Monday, July 9, 2007
“The root cause of all unjust discrimination is the failure to understand that human dignity is not based on physical or mental health, any more than it is upon money or education, but upon the single fact that a human person is made in the image of God. Once this principle is firmly held, there is no shame or personal inferiority in being blind, crippled, homosexually oriented, poor, or illiterate. All are equally persons, have the same human rights, and have the same claim to justice and dignity. Thus, it is contrary to the Gospel to refuse to respect the rights of others because of their nationality, race, sex, age, or physical or mental impairment. The health care professions, in their best tradition, have always sought to help people on the basis of need, not because of social status.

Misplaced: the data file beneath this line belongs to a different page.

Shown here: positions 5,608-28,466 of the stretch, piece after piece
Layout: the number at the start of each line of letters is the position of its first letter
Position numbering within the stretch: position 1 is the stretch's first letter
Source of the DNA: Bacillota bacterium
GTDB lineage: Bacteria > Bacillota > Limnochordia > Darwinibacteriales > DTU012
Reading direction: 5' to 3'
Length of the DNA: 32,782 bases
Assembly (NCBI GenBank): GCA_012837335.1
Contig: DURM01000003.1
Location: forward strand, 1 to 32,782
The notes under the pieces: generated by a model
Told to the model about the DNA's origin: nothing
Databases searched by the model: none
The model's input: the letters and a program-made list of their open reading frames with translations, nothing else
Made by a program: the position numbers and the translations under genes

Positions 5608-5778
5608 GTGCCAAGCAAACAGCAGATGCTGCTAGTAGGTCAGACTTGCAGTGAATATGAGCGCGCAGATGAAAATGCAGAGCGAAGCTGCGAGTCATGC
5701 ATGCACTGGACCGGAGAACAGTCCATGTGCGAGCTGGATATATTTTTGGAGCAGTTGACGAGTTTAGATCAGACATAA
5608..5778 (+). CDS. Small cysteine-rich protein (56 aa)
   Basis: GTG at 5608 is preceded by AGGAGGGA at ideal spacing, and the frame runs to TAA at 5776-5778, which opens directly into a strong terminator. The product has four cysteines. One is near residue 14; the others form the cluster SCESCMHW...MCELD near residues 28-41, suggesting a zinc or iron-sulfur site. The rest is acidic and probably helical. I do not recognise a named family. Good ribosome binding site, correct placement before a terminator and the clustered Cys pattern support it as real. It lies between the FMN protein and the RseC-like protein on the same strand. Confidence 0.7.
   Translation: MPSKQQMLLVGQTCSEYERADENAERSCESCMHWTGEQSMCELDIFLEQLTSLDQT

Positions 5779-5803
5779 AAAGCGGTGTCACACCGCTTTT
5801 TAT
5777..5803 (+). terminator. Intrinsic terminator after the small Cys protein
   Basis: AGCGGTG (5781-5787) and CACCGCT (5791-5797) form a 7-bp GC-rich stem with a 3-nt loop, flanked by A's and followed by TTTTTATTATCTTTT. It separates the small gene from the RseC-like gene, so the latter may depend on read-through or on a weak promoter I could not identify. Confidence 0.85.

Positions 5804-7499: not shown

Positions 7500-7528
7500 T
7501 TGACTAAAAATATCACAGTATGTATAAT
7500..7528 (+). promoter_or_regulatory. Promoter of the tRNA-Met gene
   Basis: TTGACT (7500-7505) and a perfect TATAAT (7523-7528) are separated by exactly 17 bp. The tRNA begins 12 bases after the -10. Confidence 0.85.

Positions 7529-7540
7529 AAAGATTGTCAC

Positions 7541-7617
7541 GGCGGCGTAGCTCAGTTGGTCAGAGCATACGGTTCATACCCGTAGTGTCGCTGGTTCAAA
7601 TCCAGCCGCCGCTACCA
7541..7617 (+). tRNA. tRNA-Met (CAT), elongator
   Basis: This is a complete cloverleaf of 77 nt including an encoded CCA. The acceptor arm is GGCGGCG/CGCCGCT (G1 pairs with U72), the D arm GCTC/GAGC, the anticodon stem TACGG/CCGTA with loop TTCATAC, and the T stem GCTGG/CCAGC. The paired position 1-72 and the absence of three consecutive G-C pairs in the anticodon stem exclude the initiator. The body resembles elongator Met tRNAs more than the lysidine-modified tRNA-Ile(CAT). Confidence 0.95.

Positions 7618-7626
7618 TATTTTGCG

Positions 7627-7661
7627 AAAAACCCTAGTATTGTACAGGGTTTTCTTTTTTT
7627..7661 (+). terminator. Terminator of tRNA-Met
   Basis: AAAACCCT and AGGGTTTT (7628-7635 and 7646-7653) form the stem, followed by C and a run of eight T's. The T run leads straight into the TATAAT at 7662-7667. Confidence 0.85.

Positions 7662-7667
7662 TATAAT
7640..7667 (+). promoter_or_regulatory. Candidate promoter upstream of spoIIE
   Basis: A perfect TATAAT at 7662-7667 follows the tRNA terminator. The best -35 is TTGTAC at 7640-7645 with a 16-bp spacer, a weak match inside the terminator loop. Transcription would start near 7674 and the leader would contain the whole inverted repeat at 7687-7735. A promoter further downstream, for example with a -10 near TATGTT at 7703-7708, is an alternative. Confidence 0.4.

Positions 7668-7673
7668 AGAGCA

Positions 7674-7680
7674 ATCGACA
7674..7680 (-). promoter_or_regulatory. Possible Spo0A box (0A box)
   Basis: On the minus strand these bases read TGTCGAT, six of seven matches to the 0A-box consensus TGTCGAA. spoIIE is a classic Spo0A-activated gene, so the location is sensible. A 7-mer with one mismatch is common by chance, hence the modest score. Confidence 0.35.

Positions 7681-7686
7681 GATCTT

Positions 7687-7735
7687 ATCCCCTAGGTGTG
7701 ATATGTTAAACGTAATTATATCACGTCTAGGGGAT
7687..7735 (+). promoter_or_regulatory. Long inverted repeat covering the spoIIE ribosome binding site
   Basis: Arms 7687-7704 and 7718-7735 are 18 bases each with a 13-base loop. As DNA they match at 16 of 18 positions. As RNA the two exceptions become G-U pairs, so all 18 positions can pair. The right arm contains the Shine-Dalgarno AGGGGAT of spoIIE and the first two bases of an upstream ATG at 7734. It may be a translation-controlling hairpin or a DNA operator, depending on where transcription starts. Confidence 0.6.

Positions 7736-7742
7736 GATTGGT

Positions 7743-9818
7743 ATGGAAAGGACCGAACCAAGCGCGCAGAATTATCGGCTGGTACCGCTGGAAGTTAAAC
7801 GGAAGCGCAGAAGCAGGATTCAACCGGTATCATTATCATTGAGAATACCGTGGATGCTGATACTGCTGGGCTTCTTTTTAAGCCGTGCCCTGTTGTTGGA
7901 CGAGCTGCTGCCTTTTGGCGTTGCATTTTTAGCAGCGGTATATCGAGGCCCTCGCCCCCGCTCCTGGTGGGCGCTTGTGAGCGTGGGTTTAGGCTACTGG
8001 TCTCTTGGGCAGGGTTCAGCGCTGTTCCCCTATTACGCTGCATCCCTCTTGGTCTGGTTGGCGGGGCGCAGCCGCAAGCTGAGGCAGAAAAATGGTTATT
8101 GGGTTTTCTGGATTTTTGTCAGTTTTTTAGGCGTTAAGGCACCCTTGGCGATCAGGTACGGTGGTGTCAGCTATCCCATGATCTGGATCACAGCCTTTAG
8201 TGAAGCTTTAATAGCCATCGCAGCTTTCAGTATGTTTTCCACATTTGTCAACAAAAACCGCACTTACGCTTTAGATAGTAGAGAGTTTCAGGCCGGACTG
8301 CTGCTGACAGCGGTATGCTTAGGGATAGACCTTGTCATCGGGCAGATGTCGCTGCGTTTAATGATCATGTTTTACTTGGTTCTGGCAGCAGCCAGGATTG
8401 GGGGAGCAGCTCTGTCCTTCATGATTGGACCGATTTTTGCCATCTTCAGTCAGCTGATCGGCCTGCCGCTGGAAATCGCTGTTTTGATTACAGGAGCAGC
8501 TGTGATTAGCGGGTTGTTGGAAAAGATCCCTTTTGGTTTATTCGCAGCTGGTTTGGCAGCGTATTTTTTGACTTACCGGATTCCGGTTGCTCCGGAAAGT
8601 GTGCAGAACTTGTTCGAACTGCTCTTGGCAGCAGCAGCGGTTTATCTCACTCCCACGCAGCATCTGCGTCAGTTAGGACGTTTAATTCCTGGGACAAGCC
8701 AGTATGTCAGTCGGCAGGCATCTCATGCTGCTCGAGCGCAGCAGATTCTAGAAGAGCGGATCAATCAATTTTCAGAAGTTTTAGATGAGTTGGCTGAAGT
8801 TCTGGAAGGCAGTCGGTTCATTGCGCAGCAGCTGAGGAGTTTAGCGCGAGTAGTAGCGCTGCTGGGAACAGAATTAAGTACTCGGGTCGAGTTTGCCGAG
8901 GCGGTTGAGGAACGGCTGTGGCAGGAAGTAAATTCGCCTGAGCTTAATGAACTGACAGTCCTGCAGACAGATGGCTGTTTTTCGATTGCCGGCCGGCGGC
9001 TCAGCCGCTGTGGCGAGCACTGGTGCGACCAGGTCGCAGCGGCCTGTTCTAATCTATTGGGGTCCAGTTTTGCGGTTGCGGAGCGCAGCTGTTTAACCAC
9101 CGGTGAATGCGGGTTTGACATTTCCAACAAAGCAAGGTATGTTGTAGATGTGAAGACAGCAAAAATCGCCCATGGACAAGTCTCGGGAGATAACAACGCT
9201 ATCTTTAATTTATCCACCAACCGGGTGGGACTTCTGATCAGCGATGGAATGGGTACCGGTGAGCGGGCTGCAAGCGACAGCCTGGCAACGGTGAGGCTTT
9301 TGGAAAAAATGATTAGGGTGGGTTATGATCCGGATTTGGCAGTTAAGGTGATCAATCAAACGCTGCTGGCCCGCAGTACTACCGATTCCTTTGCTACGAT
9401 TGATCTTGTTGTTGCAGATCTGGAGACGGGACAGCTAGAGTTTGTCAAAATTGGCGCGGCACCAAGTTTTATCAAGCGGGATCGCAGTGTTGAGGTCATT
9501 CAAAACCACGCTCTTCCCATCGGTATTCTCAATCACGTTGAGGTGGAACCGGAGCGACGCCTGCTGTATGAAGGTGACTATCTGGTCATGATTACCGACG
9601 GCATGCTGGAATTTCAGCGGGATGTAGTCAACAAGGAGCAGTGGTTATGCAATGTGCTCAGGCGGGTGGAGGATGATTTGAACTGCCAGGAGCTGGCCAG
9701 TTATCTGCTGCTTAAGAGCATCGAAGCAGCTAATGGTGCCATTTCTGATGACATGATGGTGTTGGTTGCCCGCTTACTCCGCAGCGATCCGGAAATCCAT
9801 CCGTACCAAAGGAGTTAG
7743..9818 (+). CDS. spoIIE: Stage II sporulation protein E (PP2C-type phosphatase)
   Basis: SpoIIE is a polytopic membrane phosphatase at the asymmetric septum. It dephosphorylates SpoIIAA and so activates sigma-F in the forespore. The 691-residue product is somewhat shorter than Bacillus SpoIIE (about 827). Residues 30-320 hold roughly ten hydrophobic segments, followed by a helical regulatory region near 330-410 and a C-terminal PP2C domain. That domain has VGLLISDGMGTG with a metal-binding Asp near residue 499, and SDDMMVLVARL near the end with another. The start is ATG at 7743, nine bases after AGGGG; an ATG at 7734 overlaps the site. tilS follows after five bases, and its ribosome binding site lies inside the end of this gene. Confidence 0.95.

“Jesus said, “Treat others they way you would have them treat you: this sums up the law and the prophets” (Mt 7:12). Thus, we formulate the principle of human dignity as follows: All ethical decisions in health care must aim at human dignity, that is, the maximal integrated satisfaction of the innate and cultural needs—biological, psychological, ethical, and spiritual—of all human persons, as individuals and as members of both their national communities and the world community.”
(From Ethics of Health Care, Third Edition
Benedict M. Ashley, O.P., Kevin D. O’Rourke, O.P.)